Bat Out of Hell the Musical Review

Blackpool opera House – until 9 July 2022

Reviewed by Debra Skelton


Bat Out of Hell the Musical makes no bones about what it wants to be: a spectacular two hours of escapism. By staying just the right side of pretentious, and with a nod and wink to the audience and excellent performances, it pulls it off triumphantly

In truth, it’s smashing stuff, right up there with We Will Rock You for sheer energy, a cracking soundtrack – and a story that is, in all honesty, a distant second to the music.

Now in its 5th year, and now more poignantly as we lost both Jim Steinman (2021) and Meatloaf (2022), this show continues to find new fans to join with the die hard ‘Loafers’. Producer Michael Cohl said of the tour: “We’ve all been through a lot these past 15 months and we now need a really good night out with friends and family. Bat Out Of Hell will give you the most fun night you can have in the UK and Ireland this year (with your clothes on)!

Set in the post-apocalyptic fictional city of Obsidian (a comic book-like Manhattan) in the year 2030 after the “chemical wars” that have rendered a select group of teenage street people mutants, forever frozen at age 18, Strat (Glenn Adamson – American Idiot), the leader of these co-ed “lost boys” dubbed “the lost”, falls for Raven (Martha Kirby – Grease), the Rapunzel-like daughter of the teens’ foe Falco (Rob Fowler), a “tyrannical leader”, and his unsatisfied housewife, Sloane (Franziska Schuster).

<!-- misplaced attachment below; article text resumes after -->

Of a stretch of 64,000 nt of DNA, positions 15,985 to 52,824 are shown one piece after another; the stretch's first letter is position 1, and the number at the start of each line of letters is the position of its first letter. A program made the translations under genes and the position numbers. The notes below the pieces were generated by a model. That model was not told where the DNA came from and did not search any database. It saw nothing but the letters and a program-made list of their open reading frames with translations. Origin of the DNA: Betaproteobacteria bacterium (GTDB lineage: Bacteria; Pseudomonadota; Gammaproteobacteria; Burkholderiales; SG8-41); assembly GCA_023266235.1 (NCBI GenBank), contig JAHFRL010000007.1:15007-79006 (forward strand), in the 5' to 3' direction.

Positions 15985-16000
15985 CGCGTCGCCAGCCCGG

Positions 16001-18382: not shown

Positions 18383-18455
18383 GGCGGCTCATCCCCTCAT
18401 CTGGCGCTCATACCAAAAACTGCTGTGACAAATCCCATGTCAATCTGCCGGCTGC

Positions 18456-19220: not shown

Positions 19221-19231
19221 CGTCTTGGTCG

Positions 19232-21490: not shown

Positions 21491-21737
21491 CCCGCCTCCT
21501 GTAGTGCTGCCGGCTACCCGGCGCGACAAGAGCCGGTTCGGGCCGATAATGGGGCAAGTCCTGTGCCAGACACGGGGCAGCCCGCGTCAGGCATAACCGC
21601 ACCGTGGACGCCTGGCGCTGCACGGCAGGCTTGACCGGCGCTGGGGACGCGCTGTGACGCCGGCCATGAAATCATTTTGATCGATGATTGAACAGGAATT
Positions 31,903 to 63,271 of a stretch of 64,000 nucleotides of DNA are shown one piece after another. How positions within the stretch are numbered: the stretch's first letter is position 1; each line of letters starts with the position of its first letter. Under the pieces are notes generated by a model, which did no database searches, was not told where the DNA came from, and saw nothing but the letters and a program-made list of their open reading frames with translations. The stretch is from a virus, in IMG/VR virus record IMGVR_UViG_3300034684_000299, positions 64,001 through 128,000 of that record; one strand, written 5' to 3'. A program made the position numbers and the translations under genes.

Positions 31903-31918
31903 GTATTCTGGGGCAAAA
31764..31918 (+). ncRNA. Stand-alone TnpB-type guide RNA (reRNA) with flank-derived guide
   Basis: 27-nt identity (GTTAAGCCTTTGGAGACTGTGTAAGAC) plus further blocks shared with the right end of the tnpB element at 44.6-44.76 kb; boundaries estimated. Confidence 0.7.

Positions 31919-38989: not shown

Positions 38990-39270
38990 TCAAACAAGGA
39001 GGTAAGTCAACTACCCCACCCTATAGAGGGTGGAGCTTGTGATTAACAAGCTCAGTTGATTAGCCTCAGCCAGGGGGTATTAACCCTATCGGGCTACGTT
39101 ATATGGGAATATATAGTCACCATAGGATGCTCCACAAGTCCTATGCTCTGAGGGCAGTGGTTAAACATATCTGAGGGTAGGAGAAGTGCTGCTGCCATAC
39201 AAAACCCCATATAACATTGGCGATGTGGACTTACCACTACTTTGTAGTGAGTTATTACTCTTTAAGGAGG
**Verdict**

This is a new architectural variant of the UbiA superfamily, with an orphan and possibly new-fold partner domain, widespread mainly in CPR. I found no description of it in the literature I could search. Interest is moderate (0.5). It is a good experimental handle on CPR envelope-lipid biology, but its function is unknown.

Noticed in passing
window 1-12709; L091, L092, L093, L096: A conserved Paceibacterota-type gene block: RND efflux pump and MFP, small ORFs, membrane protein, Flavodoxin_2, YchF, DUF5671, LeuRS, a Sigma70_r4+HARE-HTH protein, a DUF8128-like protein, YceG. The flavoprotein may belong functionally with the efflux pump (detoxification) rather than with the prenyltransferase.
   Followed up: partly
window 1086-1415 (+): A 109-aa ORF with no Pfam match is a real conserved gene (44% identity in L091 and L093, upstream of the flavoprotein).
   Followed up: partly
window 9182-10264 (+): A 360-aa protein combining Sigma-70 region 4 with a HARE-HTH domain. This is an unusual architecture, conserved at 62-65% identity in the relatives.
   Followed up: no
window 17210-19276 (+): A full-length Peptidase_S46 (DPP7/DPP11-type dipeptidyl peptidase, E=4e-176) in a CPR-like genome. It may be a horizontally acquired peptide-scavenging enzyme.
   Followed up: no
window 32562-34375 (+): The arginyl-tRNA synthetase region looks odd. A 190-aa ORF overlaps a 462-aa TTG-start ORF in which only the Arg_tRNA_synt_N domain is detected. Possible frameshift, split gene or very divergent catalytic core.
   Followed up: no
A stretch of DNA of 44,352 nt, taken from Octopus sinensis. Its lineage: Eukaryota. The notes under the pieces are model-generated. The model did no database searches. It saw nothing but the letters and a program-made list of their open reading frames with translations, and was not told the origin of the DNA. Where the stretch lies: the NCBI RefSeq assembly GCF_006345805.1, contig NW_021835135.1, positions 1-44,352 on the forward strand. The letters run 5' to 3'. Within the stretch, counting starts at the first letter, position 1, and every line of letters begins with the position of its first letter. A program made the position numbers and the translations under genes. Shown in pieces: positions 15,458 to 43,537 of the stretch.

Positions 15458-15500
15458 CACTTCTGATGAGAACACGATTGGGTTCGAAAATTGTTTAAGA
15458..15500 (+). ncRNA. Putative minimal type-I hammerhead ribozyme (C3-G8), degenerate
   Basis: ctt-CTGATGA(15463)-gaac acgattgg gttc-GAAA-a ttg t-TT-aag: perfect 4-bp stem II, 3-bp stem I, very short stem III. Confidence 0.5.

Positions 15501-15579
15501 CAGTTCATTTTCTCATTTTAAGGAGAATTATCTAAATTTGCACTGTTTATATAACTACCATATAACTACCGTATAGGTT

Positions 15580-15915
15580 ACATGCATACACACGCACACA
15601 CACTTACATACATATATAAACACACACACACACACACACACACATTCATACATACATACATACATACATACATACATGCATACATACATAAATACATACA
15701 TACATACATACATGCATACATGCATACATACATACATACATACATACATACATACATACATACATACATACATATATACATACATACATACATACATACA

Tink (Killian Thomas Lefevre), our Tinkerbell, a jealous tween in love with Strat; Zahara (Joel Moses) one of “the lost” with a day job as Falco and Sloane’s maid; and Jagwire (James Chisolm), her unrequited lover, all nonsensically figure in the story reverse-engineered, “Mamma Mia!”-style, for the purpose of using as many beloved rock anthems from the “Bat Out of Hell” albums as possible.

The silver lining of “Bat Out of Hell” is that the cast is superbly talented and the music sounds incredible—the duet “Two Out of Three Ain’t Bad” is a highlight—performed with an explosive energy that rocks the auditorium.

At the end of the day, that is this musical’s raison d’etre: to give fans of the albums a chance to hear the songs they love performed well within the loose framework of a story in line with its musical aesthetic and sensibility. On this mark, “Bat Out of Hell” knocks it out of the park. The standing ovation at the end was testament to the genuine joy this show brings.